A/N: So this post got lost in email to self oblivion, but since I just remembered it existed, I hereby post it for your enjoyment. I wrote this on November 18, actually.
So Catherine Caffeinated talking about blogging because you had something to say, and it got me to prop my metaphorical chin on my metaphorical hands, plunk elbows on the edge of the desk, and think about why I write. Do I write because I have something to say?
I have often thought about what would make a good blog for a fiction writer and finally thrown up my hands in disgust and realized I hadn't the foggiest idea. My nonfiction and fiction interests are separate and apart. Writing is for writers, not readers. But this made me think about: what is it I have to say when I write fiction? A lot, actually.
I said it once before: I write fascinated. I have found that I am interested in the same things that differentiate literature I love from that which I fangirl. I am interested in cost and sacrifice, power and strength, and mastery of oneself. I prefer the twists of complexity, characters who make hard decisions and pay high prices but accomplish their goal. I love order and making logic of chaos and impossibility. Fiction puts my world into perspective: it enables me to see the underlying patterns and constraints grant the freedom to make those hard choices. Selflessness, love, resolve, endurance, the ability to stand persecuted and not defend oneself—these things are power and a power I wish I had.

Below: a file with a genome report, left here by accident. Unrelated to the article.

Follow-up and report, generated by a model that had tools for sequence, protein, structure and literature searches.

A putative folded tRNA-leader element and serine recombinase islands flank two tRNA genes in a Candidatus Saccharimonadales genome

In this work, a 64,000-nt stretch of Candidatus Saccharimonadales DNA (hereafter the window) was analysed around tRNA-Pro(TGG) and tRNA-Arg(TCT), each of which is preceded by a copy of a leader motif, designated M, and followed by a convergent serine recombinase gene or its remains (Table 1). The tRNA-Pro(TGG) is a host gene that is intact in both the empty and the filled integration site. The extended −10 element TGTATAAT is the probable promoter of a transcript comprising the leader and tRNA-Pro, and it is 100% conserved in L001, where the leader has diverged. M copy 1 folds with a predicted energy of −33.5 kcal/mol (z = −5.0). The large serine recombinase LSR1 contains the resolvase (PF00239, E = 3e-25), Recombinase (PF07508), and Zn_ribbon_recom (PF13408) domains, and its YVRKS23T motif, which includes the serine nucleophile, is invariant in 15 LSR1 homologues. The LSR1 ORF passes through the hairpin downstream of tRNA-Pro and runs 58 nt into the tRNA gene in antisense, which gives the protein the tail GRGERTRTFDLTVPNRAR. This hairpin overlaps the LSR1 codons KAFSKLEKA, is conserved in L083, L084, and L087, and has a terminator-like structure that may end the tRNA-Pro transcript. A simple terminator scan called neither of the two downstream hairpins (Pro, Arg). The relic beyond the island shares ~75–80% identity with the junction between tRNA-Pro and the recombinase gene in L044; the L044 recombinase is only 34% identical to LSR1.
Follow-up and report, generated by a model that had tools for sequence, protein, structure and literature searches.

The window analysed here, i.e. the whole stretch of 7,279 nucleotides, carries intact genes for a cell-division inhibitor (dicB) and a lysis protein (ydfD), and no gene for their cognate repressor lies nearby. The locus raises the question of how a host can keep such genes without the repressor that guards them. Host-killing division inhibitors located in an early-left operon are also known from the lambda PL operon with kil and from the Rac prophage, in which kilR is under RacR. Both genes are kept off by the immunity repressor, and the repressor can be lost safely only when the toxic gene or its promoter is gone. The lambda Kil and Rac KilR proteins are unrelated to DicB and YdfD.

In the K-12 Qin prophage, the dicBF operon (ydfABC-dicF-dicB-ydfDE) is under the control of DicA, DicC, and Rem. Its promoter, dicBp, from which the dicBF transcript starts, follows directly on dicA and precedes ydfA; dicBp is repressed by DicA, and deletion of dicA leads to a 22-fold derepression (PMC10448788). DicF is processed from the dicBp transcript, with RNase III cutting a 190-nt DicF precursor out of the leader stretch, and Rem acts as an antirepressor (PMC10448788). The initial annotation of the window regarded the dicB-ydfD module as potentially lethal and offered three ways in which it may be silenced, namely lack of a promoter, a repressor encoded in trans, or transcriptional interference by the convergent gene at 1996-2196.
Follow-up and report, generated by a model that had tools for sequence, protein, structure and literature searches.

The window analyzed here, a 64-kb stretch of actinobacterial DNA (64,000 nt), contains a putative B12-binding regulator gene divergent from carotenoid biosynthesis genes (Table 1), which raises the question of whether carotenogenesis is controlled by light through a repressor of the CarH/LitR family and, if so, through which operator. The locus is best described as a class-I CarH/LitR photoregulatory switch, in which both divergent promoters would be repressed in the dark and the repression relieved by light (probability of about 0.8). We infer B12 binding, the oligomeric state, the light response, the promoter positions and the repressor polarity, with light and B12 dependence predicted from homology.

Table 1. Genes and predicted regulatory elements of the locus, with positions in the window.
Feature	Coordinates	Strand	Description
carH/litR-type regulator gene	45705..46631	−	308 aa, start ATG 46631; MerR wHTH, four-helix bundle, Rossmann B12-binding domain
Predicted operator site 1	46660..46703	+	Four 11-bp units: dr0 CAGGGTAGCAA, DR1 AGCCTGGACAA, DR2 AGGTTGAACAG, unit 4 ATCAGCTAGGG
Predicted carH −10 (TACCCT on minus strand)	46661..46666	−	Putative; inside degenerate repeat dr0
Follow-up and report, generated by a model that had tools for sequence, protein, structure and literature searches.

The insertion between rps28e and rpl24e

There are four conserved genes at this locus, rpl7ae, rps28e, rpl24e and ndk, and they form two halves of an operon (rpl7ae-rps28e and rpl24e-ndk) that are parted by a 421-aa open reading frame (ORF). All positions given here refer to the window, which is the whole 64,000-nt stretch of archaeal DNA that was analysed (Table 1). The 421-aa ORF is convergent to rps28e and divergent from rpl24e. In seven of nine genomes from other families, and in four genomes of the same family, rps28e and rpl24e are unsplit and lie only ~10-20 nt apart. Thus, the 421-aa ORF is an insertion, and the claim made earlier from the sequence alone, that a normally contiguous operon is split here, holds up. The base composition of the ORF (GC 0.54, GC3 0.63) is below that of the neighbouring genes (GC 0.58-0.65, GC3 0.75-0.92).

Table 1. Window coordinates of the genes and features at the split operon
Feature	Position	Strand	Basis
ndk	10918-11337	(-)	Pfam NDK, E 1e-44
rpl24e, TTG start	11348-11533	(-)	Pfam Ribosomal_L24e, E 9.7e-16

But how to put that into blog posts? M.C.A. Hogarth does it with meta and does it beautifully, but I have never been able to write meta. It pulls my characters out of their worlds and makes them constructs. They do not exist in my world to talk to me; they are not voices in my head, but people in their worlds. They are flesh and blood and mind and bone and heart and spirit and blood. I have tried meta and cannot do it.
I have written fanfic but that always becomes simply fic. I dislike writing descriptions of their history unless it is answering a question. Most readers do not read endless fic upon fic on a blog if it is not a serial. I'm fascinated by words, but even I am bored by other conlangers posts about the lexical features of their languages. I love the social structures of my worlds, but best when shown in fic.
En brief, I have a lot to say about love and power and strength and romance and angst and tragic choices, terrible sacrifices, and efficient success with terrible consequences, etc., but I say it in fic. I still don't know how to blog it.
But it has me thinking.